4 out of 4 stars
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Misreading Judas: How Biblical Scholars Missed the Biggest Story of All Time by Robert Wahler was an interesting read. Wahler challenges the idea that the betrayer Judas story is the full story. Rather, he suggests that there is much more going on than presented by the present-day Bible. He bases these assertions partly on the context of The Gnostic Gospel of Judas. This text first surfaced publicly in 1970. Wahler suggests that the Gospel of Judas wasn't interpreted properly because traditional Christian scholars did not take the Gnostic view points into enough account.
This book is more of a comparative analysis that draws from the Gnostic texts, the New Testament, and the Eastern spiritual work of Maharaj Charan Singh. The book is split up into 4 parts, an introduction, and a conclusion/summary. I found that this sectioning works well so that the reader can follow Wahler's thought processes. The most striking assertion to me was Wahler's discussion about Judas being the same person as James.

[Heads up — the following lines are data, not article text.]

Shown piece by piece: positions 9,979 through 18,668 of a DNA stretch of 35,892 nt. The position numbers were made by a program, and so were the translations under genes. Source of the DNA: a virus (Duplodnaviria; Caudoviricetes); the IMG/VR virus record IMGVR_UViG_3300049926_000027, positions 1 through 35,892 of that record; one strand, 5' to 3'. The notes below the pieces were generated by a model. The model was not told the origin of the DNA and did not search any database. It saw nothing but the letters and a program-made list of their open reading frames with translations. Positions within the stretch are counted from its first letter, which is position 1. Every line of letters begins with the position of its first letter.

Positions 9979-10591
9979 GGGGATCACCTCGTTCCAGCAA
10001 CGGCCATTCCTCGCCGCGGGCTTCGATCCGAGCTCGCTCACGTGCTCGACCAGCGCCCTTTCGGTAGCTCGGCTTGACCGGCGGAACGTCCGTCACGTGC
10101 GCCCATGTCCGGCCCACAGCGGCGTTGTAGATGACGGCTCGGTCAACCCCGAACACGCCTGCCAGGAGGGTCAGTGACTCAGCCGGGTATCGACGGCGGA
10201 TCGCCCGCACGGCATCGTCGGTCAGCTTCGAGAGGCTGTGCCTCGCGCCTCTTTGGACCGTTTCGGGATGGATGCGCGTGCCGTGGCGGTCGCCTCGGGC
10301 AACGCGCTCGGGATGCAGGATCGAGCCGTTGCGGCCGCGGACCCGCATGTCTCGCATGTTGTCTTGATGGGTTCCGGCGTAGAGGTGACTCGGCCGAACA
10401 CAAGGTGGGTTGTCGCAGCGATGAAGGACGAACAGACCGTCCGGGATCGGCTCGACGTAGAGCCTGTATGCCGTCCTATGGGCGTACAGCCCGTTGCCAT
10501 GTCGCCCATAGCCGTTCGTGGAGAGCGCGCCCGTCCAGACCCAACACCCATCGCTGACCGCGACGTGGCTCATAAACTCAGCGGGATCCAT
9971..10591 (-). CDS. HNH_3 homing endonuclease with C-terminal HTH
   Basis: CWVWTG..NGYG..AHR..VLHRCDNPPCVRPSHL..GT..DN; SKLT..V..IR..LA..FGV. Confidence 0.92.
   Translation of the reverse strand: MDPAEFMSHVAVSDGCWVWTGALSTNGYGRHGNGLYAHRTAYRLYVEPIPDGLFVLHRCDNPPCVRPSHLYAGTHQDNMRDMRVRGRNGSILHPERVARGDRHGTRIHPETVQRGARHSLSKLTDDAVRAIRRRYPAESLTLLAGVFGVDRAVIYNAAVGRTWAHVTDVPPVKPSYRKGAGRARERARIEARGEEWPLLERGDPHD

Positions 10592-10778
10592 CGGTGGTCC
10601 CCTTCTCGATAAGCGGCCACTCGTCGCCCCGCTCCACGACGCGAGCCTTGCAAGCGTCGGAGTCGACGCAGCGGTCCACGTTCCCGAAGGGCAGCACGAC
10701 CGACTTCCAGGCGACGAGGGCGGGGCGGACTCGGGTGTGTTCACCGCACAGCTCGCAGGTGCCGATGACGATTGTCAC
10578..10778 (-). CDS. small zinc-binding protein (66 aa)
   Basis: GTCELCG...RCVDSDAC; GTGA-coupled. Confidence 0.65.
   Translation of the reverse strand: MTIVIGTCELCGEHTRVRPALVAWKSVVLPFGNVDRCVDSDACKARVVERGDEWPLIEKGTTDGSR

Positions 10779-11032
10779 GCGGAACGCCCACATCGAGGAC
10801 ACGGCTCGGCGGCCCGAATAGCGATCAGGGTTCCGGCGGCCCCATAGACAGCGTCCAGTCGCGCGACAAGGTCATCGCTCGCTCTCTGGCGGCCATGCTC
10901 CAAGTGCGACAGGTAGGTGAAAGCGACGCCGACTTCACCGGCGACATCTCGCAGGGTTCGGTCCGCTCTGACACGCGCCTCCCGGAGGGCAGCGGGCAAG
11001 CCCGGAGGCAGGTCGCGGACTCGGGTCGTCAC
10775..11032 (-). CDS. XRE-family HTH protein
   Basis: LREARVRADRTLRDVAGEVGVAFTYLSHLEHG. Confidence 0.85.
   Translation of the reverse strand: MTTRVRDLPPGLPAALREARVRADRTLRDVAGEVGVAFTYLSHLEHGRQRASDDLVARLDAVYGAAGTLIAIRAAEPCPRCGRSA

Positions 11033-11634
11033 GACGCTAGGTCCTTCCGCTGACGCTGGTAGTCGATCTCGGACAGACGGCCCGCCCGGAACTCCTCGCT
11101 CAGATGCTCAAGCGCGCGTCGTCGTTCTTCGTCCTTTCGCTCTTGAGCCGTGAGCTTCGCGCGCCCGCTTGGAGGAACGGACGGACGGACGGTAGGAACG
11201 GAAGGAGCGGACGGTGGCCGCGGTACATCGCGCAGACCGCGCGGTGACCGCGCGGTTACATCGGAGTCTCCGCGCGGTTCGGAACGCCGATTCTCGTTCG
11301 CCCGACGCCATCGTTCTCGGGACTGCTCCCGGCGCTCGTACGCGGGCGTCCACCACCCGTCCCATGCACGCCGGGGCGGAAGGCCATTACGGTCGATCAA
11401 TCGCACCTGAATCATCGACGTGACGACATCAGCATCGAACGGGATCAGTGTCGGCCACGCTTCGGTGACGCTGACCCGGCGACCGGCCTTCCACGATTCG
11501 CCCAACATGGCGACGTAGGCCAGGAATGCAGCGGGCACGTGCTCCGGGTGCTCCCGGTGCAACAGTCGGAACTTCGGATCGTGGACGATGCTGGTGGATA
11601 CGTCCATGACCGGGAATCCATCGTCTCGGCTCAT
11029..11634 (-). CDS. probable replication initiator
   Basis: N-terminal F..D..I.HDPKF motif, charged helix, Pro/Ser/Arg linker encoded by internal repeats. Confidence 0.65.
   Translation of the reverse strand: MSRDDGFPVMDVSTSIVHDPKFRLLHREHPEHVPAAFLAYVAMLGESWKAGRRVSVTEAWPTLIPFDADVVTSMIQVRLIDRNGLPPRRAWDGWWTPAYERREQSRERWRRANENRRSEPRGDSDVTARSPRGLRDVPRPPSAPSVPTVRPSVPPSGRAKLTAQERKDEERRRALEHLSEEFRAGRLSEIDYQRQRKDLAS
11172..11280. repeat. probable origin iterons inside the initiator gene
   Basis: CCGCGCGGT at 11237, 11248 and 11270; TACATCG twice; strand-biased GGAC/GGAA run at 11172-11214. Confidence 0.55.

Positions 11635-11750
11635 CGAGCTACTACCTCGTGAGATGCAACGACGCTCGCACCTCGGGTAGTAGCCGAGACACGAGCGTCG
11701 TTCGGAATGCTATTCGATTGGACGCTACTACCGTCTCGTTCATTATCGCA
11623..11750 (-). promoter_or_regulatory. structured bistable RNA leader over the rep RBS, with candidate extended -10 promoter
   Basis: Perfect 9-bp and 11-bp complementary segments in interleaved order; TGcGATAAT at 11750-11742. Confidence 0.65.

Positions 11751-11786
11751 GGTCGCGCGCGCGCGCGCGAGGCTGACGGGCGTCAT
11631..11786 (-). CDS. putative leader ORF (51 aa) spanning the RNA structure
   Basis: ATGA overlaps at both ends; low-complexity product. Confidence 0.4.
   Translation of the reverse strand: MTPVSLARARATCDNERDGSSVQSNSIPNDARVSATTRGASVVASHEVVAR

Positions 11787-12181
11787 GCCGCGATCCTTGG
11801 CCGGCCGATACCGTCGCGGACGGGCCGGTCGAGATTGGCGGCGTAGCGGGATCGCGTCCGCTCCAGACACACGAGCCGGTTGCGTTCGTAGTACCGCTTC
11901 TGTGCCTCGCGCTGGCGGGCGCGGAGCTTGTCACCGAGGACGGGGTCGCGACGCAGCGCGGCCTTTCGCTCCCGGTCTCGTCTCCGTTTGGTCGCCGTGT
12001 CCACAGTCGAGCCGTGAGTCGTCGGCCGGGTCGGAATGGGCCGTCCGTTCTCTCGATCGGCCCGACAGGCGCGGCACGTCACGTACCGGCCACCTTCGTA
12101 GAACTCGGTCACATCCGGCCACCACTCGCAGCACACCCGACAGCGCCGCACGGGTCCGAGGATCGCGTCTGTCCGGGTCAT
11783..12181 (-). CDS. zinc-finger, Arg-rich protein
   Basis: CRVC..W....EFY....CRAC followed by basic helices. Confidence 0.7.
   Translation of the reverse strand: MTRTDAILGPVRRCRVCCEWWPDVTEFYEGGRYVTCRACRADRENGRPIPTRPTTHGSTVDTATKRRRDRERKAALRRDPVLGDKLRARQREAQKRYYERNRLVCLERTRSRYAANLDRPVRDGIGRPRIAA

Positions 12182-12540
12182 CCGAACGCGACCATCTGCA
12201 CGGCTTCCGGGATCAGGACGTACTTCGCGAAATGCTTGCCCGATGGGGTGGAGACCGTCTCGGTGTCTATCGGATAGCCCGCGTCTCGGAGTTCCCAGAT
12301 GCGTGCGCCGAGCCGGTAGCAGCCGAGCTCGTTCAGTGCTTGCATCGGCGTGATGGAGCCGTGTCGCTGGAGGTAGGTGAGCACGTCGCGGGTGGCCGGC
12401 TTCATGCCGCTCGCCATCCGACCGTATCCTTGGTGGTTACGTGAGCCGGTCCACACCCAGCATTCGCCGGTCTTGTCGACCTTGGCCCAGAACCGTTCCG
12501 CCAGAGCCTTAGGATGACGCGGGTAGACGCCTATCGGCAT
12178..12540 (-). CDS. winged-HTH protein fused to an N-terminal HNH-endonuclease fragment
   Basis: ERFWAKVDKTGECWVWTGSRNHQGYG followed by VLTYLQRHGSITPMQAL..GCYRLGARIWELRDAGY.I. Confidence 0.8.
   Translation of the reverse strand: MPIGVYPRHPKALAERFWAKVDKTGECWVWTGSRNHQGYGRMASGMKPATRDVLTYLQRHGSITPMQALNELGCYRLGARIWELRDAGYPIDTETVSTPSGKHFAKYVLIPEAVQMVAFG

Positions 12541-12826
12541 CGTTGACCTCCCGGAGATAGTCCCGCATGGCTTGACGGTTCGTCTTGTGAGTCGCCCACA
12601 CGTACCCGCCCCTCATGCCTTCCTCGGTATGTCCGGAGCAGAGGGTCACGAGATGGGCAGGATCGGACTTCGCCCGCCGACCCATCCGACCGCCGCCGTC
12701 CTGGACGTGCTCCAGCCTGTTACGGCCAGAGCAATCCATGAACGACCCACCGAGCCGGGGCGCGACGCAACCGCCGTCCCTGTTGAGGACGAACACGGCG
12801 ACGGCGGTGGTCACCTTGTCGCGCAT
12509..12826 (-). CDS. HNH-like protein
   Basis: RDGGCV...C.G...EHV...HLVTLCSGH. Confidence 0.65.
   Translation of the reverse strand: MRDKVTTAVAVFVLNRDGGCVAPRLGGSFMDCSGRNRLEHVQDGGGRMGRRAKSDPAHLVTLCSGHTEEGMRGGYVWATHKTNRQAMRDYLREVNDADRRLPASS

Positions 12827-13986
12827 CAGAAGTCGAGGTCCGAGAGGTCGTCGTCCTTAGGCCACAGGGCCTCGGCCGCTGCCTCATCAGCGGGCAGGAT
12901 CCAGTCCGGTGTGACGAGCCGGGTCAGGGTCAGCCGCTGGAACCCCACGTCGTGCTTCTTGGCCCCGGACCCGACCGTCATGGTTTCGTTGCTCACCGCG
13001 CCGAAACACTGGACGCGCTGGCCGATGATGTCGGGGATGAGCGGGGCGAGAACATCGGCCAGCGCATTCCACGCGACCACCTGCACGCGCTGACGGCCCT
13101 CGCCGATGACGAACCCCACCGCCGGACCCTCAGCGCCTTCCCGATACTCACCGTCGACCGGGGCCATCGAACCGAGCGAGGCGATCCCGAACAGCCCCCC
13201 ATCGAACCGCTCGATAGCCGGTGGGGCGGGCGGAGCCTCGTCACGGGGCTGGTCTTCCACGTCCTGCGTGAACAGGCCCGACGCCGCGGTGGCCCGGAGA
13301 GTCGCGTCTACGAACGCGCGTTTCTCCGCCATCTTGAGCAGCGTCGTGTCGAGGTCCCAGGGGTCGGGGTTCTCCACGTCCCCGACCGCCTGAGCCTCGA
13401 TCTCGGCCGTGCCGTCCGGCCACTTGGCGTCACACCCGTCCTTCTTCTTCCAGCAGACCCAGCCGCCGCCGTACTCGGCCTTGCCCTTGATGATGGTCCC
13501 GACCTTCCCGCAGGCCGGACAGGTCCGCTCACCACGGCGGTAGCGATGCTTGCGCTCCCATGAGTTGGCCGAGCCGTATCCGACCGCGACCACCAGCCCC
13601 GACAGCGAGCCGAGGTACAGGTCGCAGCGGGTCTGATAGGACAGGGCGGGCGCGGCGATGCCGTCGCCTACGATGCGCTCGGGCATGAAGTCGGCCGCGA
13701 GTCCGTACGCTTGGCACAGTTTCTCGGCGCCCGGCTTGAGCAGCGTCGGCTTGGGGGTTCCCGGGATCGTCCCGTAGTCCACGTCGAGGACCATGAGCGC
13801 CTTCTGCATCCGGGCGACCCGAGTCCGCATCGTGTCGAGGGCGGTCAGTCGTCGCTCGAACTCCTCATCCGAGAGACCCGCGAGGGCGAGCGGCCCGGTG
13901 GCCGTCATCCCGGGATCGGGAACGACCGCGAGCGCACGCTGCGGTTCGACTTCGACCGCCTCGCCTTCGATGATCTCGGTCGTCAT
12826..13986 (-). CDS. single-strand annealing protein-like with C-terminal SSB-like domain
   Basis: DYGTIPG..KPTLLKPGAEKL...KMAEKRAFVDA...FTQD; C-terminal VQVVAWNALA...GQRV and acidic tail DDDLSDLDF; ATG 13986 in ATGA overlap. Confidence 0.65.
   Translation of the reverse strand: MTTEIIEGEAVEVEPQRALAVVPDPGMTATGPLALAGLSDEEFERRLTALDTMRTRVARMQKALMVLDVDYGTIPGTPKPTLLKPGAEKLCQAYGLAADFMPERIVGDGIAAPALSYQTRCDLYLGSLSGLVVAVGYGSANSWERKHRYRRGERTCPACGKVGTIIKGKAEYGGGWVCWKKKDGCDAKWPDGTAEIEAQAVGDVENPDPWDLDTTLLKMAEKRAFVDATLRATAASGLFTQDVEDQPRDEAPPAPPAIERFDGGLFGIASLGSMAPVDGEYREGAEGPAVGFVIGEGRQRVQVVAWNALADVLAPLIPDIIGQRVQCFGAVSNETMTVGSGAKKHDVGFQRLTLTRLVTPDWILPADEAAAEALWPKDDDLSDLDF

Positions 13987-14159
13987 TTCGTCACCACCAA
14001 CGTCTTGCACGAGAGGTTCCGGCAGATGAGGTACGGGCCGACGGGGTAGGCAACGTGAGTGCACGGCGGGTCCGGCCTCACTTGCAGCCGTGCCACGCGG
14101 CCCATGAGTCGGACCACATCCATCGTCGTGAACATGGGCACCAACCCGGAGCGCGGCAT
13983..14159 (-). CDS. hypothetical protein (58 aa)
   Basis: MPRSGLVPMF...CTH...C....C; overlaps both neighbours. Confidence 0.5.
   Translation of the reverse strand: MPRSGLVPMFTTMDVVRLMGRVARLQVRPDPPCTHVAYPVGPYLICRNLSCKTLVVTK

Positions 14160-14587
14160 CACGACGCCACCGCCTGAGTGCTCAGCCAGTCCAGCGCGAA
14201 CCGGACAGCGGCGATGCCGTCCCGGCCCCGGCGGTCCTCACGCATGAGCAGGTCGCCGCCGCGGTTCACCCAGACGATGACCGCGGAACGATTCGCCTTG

I grew up in a stricter Christian household, so this book intrigued me. As I grew up, I started questioning the interpretations of the Bible I had read and if there might be more to the story. I found Wahler's analysis both interesting and easy to follow. This book would be better for those with an open mind and those interested in learning more about religion. It would be best for those who have some background in reading and understanding the Bible. I wouldn't recommend this book to those who are very strict in their beliefs or younger audiences. It might be a bit too much for them to take on without further research.
I am rating this book 4 out of 4 stars. I am giving it this rating because it is edited well and easy to understand. Any sort of assertive essay is useless unless the intended audience can understand what is being said. Wahler does a good job at explaining his points. The pacing can be a bit fast, but I found that I understood much better if I just took a few moments to read more carefully and by taking time to reflect on what I had just read.
I was also inspired by Wahler's statements in the conclusion of the book. He mentions that this book might not be appreciated right away, but he hopes that someday scholars will come to share his views. I find this optimism to be refreshing. Having the courage to speak up when you have different views can be an amazing thing! I found that I was able to take his words more seriously since I knew just how sincere Wahler is being. Overall, I enjoyed this read and would want to check out other texts by this author.
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